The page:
When Hitler’s armies occupied Italy
in 1943, they also seized control of mankind’s greatest cultural treasures. As
they had done throughout Europe, the Nazis could now plunder the masterpieces
of the Renaissance, the treasures of the Vatican, and the antiquities of the
On the eve of the Allied invasion,
General Dwight Eisenhower empowered a new kind of soldier to protect these
historic riches. In May 1944 two unlikely American heroes, artist Deane Keller
and scholar Fred Hartt, embarked from Naples on the treasure hunt of a
lifetime, tracking billions of dollars of missing art, including works by
Michelangelo, Donatello, Titian, Caravaggio, and Botticelli.
With the German army retreating up
the Italian peninsula, orders came from the highest levels of the Nazi
government to transport truckloads of art north across the border into the
Reich. Standing in the way was General Karl Wolff, a top-level Nazi officer. As
German forces blew up the magnificent bridges of Florence, General Wolff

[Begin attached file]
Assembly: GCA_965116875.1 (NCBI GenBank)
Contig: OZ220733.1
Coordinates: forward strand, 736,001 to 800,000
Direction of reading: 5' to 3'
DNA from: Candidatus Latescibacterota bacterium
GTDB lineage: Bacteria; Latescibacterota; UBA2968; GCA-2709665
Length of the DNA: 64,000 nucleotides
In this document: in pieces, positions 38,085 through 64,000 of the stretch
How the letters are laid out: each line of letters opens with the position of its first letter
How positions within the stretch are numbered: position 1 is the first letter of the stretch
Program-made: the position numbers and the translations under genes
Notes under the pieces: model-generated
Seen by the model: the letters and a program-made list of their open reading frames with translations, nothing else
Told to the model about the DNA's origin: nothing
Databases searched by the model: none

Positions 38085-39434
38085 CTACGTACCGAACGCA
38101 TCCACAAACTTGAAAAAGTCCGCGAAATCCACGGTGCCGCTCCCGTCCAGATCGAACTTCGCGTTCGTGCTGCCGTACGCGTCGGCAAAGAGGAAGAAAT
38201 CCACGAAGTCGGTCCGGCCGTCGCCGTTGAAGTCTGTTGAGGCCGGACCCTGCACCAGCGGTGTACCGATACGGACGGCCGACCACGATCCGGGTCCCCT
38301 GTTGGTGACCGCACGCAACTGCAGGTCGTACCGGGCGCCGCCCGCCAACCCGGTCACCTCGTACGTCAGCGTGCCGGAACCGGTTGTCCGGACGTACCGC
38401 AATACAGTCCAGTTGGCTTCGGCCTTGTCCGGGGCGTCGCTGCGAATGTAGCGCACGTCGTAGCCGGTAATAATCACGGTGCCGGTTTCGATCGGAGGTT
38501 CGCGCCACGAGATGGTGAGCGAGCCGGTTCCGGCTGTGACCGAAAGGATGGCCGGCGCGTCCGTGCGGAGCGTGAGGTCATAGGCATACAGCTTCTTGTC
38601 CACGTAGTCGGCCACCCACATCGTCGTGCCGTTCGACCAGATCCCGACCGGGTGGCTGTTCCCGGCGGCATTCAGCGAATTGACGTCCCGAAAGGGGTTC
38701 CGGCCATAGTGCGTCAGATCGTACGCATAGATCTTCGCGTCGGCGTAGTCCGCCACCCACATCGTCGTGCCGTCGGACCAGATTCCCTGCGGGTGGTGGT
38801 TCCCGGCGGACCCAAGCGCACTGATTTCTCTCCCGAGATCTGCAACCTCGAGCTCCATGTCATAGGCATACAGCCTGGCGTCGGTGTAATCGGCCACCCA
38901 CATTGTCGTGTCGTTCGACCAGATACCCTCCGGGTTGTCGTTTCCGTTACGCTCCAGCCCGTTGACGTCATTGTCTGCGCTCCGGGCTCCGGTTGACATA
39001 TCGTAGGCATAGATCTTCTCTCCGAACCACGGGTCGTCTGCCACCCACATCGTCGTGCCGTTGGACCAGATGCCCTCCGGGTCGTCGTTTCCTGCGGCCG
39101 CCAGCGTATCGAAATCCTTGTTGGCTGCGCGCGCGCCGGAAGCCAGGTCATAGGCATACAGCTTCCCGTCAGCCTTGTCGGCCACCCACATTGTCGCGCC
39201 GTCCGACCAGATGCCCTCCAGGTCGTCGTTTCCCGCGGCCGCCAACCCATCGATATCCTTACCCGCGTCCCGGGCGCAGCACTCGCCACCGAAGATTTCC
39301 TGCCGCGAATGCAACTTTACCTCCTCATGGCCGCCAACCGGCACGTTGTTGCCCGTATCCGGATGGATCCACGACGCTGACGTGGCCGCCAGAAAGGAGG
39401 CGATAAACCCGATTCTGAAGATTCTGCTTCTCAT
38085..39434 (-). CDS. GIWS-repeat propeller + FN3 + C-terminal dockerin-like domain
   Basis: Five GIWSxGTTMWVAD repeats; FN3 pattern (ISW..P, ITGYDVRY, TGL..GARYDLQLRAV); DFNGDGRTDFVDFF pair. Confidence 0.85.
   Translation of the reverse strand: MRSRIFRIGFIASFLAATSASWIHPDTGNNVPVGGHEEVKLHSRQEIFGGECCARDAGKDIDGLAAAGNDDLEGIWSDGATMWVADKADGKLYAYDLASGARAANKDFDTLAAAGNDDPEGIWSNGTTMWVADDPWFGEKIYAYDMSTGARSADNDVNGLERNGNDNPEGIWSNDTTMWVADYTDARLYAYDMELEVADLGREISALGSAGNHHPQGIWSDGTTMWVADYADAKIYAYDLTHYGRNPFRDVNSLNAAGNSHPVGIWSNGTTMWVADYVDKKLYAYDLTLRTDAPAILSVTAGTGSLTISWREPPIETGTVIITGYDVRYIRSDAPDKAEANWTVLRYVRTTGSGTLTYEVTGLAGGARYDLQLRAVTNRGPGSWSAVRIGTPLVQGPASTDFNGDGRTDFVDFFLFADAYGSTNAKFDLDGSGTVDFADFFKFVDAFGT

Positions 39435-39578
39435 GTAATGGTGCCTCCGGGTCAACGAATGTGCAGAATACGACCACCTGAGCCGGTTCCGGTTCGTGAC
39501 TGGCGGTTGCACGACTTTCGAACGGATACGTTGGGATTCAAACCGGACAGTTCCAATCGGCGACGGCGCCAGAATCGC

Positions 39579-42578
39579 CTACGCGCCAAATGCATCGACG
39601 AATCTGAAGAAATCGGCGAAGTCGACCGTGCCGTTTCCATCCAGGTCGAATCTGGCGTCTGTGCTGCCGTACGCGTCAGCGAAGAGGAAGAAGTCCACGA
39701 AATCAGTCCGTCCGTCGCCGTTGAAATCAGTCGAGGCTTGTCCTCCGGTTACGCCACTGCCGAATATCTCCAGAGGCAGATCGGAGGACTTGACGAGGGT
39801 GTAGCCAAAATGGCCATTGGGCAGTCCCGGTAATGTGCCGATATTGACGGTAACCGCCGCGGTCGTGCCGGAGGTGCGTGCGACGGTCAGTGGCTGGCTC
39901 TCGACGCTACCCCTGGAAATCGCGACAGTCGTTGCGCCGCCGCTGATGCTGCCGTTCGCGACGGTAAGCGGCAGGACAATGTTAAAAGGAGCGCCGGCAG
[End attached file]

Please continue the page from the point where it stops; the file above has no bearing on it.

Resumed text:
commandeered the great collections of the Uffizi Gallery and Pitti Palace,
later risking his life to negotiate a secret Nazi surrender with American
spymaster Allen Dulles.
Brilliantly researched and vividly
written, Saving Italy brings readers from Milan and the near destruction
of The Last Supper to the inner sanctum of the Vatican and behind closed doors
with the preeminent Allied and Axis leaders: Roosevelt, Eisenhower, and
Churchill; Hitler, Göring, and Himmler.
An unforgettable story of epic
thievery and political intrigue, Saving Italy is a testament to heroism
on behalf of art, culture, and history.
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